I’ll admit it, I was starting to doubt Amazon. I’d read the recent author success stories, and I’d followed their advice: write good books, publish exclusively with Amazon, and let the algorithms steer your work to readers who will love it.
Four novels in, I had quality stories and great reviews, but no breakout sales. Then, like lightning striking in the night, Amazon delivered. Over the past couple weeks, my sales have quadrupled.
This post is my best guess as to how it happened.
The Lure of Amazon and The Indie Writers
Full disclosure: I like Amazon. I’m a Prime member. I know the company is not perfect. Maybe it’s disturbingly big, but the company does some pretty great things right now. Connecting readers to books they love is one of them. (Delivering diapers to my door in two days is another.)
I also like having control. After I’d written my first book, I thought carefully about my path and decided to publish exclusively with Amazon. You get full control over your books, higher royalties, and direct connections with readers. As I’ve said before, it’s a decentralized meritocracy that strips out the middle man. I love it — in theory.
The key, though, is the ability to connect with new readers. The key is Amazon’s connecting machine: the algorithm. I read fascinating things about keyword searches and Amazon’s recommendations for books with good rankings and reviews. I read about some enterprising souls who had wormed through Amazon’s data and charted how revenue from indie writers' ebooks was higher than from ebooks of authors with major publishers.
Super, I thought, I just put my book out there and let the algorithm roll. The stage was set. Early readers were really enjoying Unbound. But it wasn’t quite taking off. I think the story is a page-turner that matters, and I hoped it would reach more people.
Was the algorithm missing my books?
Mixing Traditional and New Promotions
The book market is changing like crazy. The world is changing like crazy. This radical pace of change reveals something profound: certain truths hold steady.
One of those truths is that nothing markets books like word of mouth. Most of what I read I hear about from a friend. Relying on Amazon alone was never going to cut it. I tried more traditional promotion ideas.
My first break was a radio interview with Hugh Hewitt. He’s a brilliant guy who will be participating in upcoming Presidential debates, and he loved Unbound. The interview (you can listen to it here) led to me signing a contract with a PR company. Rebeca and LeAnn at Believers Trust were a huge help. They put copies of Unbound in the hands of interested readers and bloggers. More great reviews started rolling in.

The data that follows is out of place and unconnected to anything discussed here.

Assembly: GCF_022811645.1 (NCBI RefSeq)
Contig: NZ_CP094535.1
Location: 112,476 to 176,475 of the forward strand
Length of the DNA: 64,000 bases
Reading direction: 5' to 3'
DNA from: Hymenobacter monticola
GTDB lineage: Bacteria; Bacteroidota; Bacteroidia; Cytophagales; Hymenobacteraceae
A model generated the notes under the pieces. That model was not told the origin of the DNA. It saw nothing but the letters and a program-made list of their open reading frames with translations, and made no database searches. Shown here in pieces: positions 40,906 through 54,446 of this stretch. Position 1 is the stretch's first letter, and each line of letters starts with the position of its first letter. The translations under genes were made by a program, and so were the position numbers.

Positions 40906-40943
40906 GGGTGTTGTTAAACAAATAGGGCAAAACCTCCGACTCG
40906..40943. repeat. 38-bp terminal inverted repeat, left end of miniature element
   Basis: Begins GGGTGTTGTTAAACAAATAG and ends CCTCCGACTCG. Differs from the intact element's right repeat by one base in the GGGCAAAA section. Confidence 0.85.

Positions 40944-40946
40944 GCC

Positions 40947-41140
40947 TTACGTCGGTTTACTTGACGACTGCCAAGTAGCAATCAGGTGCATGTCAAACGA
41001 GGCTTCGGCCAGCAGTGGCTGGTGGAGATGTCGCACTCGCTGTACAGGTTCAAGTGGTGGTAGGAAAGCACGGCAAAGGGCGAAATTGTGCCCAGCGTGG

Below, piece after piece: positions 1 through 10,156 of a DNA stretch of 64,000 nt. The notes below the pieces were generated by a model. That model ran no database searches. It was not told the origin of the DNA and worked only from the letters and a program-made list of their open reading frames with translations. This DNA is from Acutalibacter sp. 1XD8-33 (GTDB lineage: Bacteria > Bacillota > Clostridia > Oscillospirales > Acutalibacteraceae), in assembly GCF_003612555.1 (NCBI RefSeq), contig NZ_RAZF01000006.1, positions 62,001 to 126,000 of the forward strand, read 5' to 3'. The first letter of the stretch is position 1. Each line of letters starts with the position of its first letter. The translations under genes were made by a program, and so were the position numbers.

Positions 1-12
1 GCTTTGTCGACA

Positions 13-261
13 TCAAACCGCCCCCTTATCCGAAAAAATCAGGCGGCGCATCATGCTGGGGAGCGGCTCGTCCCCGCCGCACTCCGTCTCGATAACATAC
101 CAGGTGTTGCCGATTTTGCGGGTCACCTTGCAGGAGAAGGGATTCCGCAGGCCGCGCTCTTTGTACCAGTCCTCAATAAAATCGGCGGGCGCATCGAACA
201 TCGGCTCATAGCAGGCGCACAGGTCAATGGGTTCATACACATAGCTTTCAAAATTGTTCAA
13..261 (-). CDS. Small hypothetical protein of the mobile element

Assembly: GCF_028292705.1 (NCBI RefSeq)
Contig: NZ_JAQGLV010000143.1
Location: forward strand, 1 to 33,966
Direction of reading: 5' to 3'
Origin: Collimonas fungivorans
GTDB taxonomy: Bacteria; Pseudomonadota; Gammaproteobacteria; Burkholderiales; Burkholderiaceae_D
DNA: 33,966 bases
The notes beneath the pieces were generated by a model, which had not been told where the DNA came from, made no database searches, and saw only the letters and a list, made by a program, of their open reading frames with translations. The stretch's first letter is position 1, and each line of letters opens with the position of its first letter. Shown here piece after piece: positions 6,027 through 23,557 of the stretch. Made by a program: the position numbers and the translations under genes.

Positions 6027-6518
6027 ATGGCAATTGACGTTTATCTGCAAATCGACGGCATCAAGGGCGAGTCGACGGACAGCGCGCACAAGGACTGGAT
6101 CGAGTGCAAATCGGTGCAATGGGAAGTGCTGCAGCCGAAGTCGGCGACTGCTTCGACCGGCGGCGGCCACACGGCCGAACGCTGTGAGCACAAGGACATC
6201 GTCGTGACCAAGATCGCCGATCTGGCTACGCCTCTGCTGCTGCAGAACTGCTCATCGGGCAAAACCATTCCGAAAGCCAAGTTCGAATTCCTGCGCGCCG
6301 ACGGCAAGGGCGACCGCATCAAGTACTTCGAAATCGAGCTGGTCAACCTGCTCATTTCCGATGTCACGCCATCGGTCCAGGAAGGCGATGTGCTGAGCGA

These embers glowed until the next gust of wind: Bookbub. I landed a spot in their daily newsletter for an Unbound promotion. In one day, May 1, over 14,000 readers got the book. By the end of the five-day promotion, almost 25,000 had it.
Catching the Algorithm Wave
I can explain what happened above. I can’t really explain what happened next.
After the promotional efforts, interest was simmering in Unbound and in the sequel, Clothed with the Sun. Slowly but steadily, more readers were finding my work.
Then, on Saturday, May 9, I did nothing to promote my books. I was just hanging out with my wife and three little kids when this chart happened.
The blue line is Kindle Unlimited downloads. See that sudden rise? I certainly did, and I wanted to understand it. Google searches showed no spark of activity. My friends didn’t start pestering hundreds of people out of nowhere to buy my books. The only explanation I’ve come up with is that I caught the Amazon algorithm wave. I’m open to other theories, but why else would Kindle’s loyal readers start downloading my books in droves? Sales have continued rising since then.
I know this might not last. The algorithm giveth, the algorithm taketh away. It’s fun, for the moment, to claim #1 bestseller in three Amazon categories, but that’s not why I’m writing. The real excitement comes from all the people who are inspired by my work. That’s priceless.
The Algorithm Can Help Us Keep Reading
We don’t know the mysteries of the algorithm. But here’s what we do know: it runs on a math equation that mirrors real people reading real books, because it’s using their data. This helps readers find books they enjoy. People can debate whether those books are high quality or literary or whatever. But Amazon knows what people want to read.
This amazing algorithm is a powerful tool. As long as it’s used fairly, it will be a good thing for authors and for readers. It keeps old and new books flowing. It helps keep folks reading, and so it holds hope for the future of books, including mine.
Let’s make our words count — J.B.